Britain’s shadow cabinet suffers a mass resignation | The Economist

The Economist pitches in and explores why a string of frontbenchers depart in protest at their leader’s tepid referendum campaign.

Source: Britain’s shadow cabinet suffers a mass resignation | The Economist

The Economist sums up why Corbyn must go, in the interests of both the UK and the Labour Party.

Under Mr Corbyn—who expressed admiration for Hugo Chávez, speaks of “friends” in Hamas and Hizbullah and has appointed a shadow chancellor who lists among his hobbies “fermenting [sic] the overthrow of capitalism”—Labour has ceased to be a credible alternative to the Tories.

Let’s face it, Corbyn’s supporters are from the Socialist Workers’ Party – he’s always been on the far-left of the political spectrum. Remember, for both the far-left and the far-right the end justifies the means. The Labour Party has been hijacked. Tony Blair is right in his brilliant op-ed in the NYT.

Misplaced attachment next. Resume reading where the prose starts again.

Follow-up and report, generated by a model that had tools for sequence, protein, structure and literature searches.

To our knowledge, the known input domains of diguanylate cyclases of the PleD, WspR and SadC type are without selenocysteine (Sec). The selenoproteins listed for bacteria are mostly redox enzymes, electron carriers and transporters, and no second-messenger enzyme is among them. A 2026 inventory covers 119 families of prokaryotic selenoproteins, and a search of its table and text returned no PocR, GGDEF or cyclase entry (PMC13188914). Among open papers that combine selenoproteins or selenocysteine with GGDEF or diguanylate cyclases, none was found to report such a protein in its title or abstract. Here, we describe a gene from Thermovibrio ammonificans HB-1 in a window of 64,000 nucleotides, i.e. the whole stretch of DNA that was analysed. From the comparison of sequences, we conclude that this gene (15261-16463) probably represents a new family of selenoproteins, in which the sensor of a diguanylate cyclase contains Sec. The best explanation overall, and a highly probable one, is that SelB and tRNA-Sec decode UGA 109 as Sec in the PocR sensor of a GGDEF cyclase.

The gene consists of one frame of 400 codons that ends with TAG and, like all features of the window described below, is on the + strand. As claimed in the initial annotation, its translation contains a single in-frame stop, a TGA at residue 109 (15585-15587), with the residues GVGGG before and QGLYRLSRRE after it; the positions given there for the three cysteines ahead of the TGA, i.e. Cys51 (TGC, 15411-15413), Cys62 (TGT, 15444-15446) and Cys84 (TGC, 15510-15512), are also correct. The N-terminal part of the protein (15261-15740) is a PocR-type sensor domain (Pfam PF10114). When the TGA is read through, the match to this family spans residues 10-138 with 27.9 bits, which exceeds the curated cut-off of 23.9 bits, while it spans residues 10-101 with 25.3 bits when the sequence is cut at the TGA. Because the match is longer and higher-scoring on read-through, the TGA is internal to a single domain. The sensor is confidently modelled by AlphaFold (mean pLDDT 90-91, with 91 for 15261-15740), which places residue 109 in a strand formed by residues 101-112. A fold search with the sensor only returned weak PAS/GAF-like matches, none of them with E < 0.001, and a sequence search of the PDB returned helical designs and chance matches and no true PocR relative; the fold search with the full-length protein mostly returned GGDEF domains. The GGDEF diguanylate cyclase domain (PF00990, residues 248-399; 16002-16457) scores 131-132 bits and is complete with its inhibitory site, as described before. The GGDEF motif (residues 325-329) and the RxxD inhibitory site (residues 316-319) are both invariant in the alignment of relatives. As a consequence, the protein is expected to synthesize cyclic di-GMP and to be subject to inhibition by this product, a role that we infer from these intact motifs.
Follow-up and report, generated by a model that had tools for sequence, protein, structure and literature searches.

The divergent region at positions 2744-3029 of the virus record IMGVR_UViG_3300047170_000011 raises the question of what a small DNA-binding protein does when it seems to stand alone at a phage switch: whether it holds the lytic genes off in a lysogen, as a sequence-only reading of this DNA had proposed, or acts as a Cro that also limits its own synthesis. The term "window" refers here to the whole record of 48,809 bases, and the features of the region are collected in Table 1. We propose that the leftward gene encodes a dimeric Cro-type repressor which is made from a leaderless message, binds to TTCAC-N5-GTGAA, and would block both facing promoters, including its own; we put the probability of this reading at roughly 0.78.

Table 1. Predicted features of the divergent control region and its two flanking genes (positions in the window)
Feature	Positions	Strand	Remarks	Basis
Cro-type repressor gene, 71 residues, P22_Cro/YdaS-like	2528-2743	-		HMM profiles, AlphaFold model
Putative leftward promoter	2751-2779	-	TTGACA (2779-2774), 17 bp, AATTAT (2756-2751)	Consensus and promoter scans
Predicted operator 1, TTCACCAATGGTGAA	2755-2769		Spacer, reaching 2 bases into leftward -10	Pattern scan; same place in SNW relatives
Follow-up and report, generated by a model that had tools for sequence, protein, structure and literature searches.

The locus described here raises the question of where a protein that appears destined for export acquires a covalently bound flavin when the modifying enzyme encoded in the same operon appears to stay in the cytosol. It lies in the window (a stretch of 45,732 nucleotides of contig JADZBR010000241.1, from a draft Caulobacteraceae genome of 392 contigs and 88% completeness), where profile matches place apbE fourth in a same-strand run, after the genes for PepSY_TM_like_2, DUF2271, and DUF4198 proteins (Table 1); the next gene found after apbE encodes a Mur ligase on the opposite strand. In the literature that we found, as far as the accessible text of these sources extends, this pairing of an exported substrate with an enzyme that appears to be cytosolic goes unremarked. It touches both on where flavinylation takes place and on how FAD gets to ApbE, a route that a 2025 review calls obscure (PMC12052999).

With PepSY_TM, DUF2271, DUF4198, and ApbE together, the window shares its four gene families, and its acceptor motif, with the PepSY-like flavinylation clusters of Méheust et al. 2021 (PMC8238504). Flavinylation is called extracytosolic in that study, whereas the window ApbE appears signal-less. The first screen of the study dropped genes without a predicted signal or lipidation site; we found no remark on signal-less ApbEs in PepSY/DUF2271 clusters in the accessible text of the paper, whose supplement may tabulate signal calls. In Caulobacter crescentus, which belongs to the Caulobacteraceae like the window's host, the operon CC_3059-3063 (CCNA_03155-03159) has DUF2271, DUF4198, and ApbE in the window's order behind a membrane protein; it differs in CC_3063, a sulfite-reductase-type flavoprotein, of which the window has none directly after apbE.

Thoughts?

Theresa May and Jeremy Hunt among MPs to halt Boris Johnson and succeed David Cameron | Daily Mail Online

This is an insightful article from the Mail. It reports at least eight leading Tory MPs were scrambling to cut backroom deals to succeed David Cameron last night after his departure from No10 was dramatically brought forward.

Source: Theresa May and Jeremy Hunt among MPs to halt Boris Johnson and succeed David Cameron | Daily Mail Online

With the shortened timetable to appoint a new leader in September, it plays to the two leading candidates, Theresa May and Boris Johnson. At the moment, bookies have Theresa May in the lead. Whilst May will have the support of the Remain camp, plus she is a seasoned minister, she also has the benefit of standing in the last election – this seems to be key as to whether the Conservatives will need to call an early election. Boris has popular appeal  and importantly was the official head of the Brexit campaign but Johnson is untested as a minister, yet alone PM in the UK’s darkest hour since the blitz. Also there are doubts about Johnson’s values, beliefs and personal ambition – for example, alarmingly, Polly Toynbee describes Johnson as a sociopath in today’s Guardian.

Personally, I think the next leader needs to be a trusted, wily heavy-hitter, with exceptional leadership skills, capable of forging a national unity government, if necessary.

Thoughts?